medications . When certain drugs are taken together with melatonin-based products, it must be taken into account that melatonin could interfere with their effectiveness. According to the National Institute of Health , melatonin can interfere with the efficacy,

  • anticoagulants;
  • antiepileptics;
  • antihypertensives;
  • drugs that affect the central nervous system, such as sedatives;
  • diabetes medications;
  • of contraceptive drugs;
  • substrates of cytochrome P450 1A2 (CYP1A2) and cytochrome P450 2C19 (CPY2C19);
  • medications for the treatment of depression;
  • of immunosuppressants.

Where to buy melatonin products

As we said,

  1. melatonin-based medicines can be purchased in pharmacies with a medical prescription,
  2. melatonin-based supplements can instead be purchased in supermarkets, parapharmacies, pharmacies, and also online in e-commerce. As for the latter, our advice is:
  • to research and gather information,
  • to rely on products marketed by brands known to be reliable,
  • to seek advice from the doctor or the owner of the shop you usually go to.

In any case, it must always be taken into account that, especially if taken in large quantities, melatonin can also have unwanted side effects, which differ from person to person. Melatonin – we repeat – should then be taken only for short periods.

An alternative to melatonin: better sleep hygiene

Sleep hygiene is more important than ever during pregnancy.

In addition to special sleep aids for pregnant women, such as special pillows or eye masks, the following behavioral habits can help reduce insomnia and improve the overall quality of your sleep.

  1. Keep your bedroom cool, dark and quiet and limit your bed use to sleep and sex.
  2. Prioritize sleep by trying to go to sleep in a “consistent” way, that is, scheduling your daytime naps for the beginning of the day and not at night so that they don’t interfere with your night’s sleep.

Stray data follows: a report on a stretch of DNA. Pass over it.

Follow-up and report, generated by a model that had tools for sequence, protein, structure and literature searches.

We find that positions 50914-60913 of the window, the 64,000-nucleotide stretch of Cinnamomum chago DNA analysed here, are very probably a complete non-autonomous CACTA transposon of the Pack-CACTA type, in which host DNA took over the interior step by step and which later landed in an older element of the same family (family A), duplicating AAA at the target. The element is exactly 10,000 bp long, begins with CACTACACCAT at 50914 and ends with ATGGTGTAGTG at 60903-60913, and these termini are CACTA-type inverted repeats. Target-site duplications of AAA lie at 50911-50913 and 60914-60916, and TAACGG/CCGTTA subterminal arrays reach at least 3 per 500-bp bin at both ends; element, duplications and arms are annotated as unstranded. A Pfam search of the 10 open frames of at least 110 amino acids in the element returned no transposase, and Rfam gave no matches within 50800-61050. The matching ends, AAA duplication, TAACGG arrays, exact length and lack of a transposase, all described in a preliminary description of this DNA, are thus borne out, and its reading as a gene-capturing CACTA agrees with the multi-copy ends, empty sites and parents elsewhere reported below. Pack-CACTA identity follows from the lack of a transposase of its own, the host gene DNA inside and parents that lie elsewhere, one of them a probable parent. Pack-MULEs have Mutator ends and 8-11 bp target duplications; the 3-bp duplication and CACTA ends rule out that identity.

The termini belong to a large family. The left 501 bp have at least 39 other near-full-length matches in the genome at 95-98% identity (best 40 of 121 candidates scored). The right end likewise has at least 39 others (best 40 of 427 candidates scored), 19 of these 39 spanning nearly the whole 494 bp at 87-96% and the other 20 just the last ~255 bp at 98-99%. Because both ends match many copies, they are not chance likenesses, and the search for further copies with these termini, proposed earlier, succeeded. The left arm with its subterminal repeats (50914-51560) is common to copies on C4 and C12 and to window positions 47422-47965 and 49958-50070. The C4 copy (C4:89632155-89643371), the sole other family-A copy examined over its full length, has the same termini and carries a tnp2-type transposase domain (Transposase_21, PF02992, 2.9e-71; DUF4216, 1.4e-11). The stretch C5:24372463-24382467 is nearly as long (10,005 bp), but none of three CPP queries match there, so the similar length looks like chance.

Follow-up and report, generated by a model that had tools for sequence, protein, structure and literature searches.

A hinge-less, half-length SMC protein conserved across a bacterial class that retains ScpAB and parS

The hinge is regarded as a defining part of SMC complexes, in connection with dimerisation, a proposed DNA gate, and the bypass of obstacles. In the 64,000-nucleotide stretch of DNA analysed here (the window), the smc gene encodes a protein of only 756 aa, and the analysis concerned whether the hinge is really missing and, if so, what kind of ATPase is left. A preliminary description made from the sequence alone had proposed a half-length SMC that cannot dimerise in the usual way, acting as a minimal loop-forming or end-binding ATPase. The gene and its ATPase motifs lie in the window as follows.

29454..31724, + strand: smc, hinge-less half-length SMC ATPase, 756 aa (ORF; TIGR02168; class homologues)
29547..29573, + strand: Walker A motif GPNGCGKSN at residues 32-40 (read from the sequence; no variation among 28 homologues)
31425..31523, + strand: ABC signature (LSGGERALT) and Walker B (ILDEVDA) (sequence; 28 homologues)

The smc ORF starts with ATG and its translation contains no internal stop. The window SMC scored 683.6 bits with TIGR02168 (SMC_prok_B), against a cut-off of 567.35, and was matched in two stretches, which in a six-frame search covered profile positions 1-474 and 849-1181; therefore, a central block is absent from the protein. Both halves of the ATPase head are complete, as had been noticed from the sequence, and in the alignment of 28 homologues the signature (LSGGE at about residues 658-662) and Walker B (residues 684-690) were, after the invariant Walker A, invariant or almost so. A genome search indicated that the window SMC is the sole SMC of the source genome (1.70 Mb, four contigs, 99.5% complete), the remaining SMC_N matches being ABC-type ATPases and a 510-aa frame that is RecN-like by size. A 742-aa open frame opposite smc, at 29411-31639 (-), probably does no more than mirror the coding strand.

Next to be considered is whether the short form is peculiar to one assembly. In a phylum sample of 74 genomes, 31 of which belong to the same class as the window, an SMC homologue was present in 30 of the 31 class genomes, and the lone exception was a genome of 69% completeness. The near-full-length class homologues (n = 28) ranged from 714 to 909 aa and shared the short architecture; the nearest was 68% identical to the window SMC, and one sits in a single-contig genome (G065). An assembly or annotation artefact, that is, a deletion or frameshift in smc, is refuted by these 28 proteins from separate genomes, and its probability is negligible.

3. Near bedtime, take a bath, read a book, or engage in another relaxing activity.
  4. Use a night light to go to the bathroom and make it easier to fall back to sleep afterwards.
  5. Near bedtime avoid caffeine, spicy foods and heavy meals to reduce the risk of gastroesophageal reflux.
  6. Avoid “bringing technology into the bedroom”: turn off the screens of the various devices at least an hour before going to sleep.
  7. Do some exercise/physical activity at the start of the day.
  8. Drink plenty of water throughout the day, but reduce your fluid intake before bed in order to reduce nighttime trips to the bathroom.
  9. If you can’t sleep, get out of bed and do something else until you feel sleepy.
  10. Record your thoughts in a journal.
  11. If you feel stressed, ask your partner, friends for help, see a doctor, take birthing classes.

Katherine Johnson, M.D., is a board-certified obstetrician-gynecologist with clinical expertise in general obstetrics and gynecology, family planning, women’s health, and gynecology.

She is affiliated with the Obstetrics and Gynecology division at an undisclosed healthcare institution and the online platform, Maternicity.com.